How to Handle Adversity on the Job

By Candice Wagener

Kim Jones has been known to wear headbands “with bobbly things on top” at work. They help her keep perspective, which is critical in her role as airport director at the Dane County Regional Airport (DCRA). Here, she manages 80 staff and oversees an average of 250 airplane departures per week and overall operations for 3,000 acres of land shared between civil and military services.

Beyond the everyday challenges of running a small-hub airport, Jones is also at the helm of an $85 million expansion, as well as navigating concerns around PFAS contamination — also known as forever chemicals — and F-35 fighter jets. So, she dons the occasional fun hair accessory.

As early as high school, she had aspirations of becoming “an executive director somewhere in some place.” After a stint at the Des Moines International Airport, she realized opportunities for advancement were few and far between, so she took a position at the DCRA in 2004. She immediately fell in love with the airport, a passion which led to her promotion to airport director in 2018. “Airports have a way of getting into your blood,” says Jones, about her love of the job.

The airline industry was hit extra-hard during the pandemic. At one point in April 2020, Condé Nast Traveler reported that U.S. air passenger traffic was down by a staggering 95% from the year prior. With 60% of DCRA’s pre-COVID passengers considered as “business travelers,” the airport has yet to see a complete rebound from the recent uptick nationally in leisure travel.

Reflecting on that bleak amount of foot traffic during the pandemic, Jones viewed it as an opportunity to perform necessary maintenance tasks and continue expansion plans. And while many industries switched to working remotely, that’s not really feasible for airport staff.

“Whether you have 62 people or 3,000 people [coming through the airport daily], you need to have restrooms cleaned, floors cleaned. Plus, now they need to be sanitized in ways they never had been before … it’s very difficult to do a lot of the things we do from home,” says Jones. “My thought and philosophy on that was if my staff was here working, I’m going to be here working as well.”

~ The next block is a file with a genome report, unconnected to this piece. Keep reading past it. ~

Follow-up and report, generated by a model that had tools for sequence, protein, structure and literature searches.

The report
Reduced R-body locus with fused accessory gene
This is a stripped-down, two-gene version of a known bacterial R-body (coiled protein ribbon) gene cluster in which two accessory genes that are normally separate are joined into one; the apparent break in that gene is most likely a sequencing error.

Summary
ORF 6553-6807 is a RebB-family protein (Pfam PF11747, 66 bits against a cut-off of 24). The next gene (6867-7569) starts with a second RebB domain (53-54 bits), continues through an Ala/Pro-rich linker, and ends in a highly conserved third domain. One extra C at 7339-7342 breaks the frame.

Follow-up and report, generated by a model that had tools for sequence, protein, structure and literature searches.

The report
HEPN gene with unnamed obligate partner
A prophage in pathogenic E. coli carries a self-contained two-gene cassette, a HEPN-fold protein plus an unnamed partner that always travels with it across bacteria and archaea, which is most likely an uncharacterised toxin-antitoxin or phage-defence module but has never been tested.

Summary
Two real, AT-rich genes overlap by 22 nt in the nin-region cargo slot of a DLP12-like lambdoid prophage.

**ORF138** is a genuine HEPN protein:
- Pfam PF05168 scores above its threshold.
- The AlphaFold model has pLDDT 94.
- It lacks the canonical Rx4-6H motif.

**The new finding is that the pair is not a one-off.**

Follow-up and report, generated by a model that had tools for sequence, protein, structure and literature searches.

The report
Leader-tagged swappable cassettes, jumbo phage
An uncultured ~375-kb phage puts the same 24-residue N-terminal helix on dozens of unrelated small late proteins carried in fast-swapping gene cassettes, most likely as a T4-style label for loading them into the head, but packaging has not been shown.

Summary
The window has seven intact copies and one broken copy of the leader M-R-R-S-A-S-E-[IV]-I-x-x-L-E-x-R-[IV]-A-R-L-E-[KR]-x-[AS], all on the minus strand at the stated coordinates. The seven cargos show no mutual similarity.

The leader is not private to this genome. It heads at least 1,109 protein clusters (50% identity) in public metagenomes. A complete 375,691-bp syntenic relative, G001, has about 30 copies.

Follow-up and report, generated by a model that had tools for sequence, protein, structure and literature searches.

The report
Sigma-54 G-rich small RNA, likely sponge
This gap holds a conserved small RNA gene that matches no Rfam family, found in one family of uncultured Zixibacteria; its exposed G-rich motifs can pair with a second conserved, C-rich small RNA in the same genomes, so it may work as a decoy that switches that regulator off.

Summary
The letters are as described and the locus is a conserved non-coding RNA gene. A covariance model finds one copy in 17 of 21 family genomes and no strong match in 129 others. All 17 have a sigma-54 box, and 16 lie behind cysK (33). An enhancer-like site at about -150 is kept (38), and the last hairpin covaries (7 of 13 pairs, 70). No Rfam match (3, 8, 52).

Looking ahead, Jones has a firm belief that all travel through DCRA will bounce back to beyond what it was before, as more people feel compelled to seize the opportunity while they can. She and her team have been working to increase the presence of DCRA, getting out in the community and reestablishing relationships with local business partners, including Destination Madison and the Greater Madison Chamber of Commerce.

And Jones has made it her mission that DCRA be top of mind for more travelers, which is why she’s excited for the updated, expanded airport, which will also enhance accessibility for everyone. She compliments her team on staying positive and being forward-thinking. The philosophy she has used to drive her team during these challenging times seems to have stuck.

“The present will be the past within 24 hours, so let’s keep looking forward.”

How have you been able to achieve a work-life balance that works for you?

“I think we have to be realistic that work-life balance is always going to be just that: a balancing act. There are times when things at work are going to be more important from a time expendi- ture standpoint — but your family always comes first. There are times when your family can function and you need to spend a little more time at your job. [And] there will be other times when your family needs more of your time. Whether it’s for 10 minutes or 10 hours, you have to be able to turn off the work when you come home.”

– Kim Jones

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